Crypts, Chandeliers, and a Door Cracked Open

Crypts, Chandeliers, and a Door Cracked Open

The chandeliers dangled mere yards from the crypt.

They hung from branches draped over a courtyard, with a view of vineyards beyond. A little stone wall ran a circle around what would become a grand al fresco dining room and then, in its final encore, a dance floor.

This is not a scene from a Hallmark movie, but the real memory I have of a certain day last October.

The wedding was set for that evening. Yes, it was Tuscany. Yes, outdoors. All the trappings, and the corresponding drama of packing just the right dress with just the right undergarments was the theme of September, until the big day when I actually put things in suitcases and flew away. Suddenly it was October 8, and I was watching a frenetic crew suspend chandeliers at equal heights.

I sat a distance away, on a patio couch, and observed.

The chandeliers will preside tonight over the beginnings of a new human marriage, and I am strangely homesick, I write.

I am journaling.

There is so much beauty here, and yet we are steps away from the crypt of a little chapel built by people long dead.

All the planning to get there, and now nothing but a raging insufficiency was rising in my chest. Something about that tomb was unsettling, displacing.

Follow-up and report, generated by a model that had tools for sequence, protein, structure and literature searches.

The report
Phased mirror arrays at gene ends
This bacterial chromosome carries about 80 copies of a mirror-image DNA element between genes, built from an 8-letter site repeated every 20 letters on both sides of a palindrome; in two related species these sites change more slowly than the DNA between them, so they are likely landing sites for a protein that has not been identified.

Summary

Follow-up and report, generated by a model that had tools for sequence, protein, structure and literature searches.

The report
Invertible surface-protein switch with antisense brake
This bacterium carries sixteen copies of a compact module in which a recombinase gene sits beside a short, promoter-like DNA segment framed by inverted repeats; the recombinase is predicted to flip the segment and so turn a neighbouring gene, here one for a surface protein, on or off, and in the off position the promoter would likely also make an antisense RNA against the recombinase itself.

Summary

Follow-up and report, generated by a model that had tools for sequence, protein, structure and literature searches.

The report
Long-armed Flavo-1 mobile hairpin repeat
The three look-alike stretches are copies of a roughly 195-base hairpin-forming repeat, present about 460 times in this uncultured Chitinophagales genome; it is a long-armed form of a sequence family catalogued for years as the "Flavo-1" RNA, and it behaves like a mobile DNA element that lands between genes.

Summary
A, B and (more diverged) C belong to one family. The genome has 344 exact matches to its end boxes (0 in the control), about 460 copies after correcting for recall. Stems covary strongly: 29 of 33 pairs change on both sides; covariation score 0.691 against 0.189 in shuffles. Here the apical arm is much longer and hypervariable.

The compound where we stayed was Borgo Casabianca, where a prominent Italian family of lore built a vineyard which then became an abbey where monks used to press olive oil. The family crypt is still intact under a small, spidery chapel. My son and I stumbled upon it that afternoon while exploring (you can imagine the delight), and we found the door ajar.

Drew took video of me creaking the metal to open, Hollywood cobwebs stretching inward. There were no bodies in the shelves on either side of the cave-like room, which was a real let-down. We shuddered and laughed and slammed the door shut.

Over the doorway was a frieze with the inscription “Requiem Eternum,” and a depiction of a serpent swallowing an hourglass whole, even as the hourglass has sprouted wings.

So not only is Time being gruesomely devoured, but it is also trying to fly away, I write, watching the chandeliers slowly rotating to a stop as they settle into their mid-air places.

(If you’re wondering, this was the same trip I wrote about with the bone chapels of Rome. The Italians love a good hourglass metaphor for impending doom.)

I keep writing —

And so we must pause. We must stop when we can in the eternal moments we are somehow able to seize, and smile at anticipatory chandeliers.

Last week, I learned of the death of a man with whom I used to work. He was 40-something and left behind a devoted wife and two teenagers. We were not close, just asteroids in the same gravitational belt, loosely connected by time and social pulls. He was lost in a terrible car accident. Random. Fluke-like. When you looked back at his Facebook feed, all the smiles and silliness of his years seem totally overshadowed by what appears, this week at least, to be the capstone of his life: tragedy. How will his wife look back at their wedding day? Will any of its sweetness be spoiled knowing how soon it will end?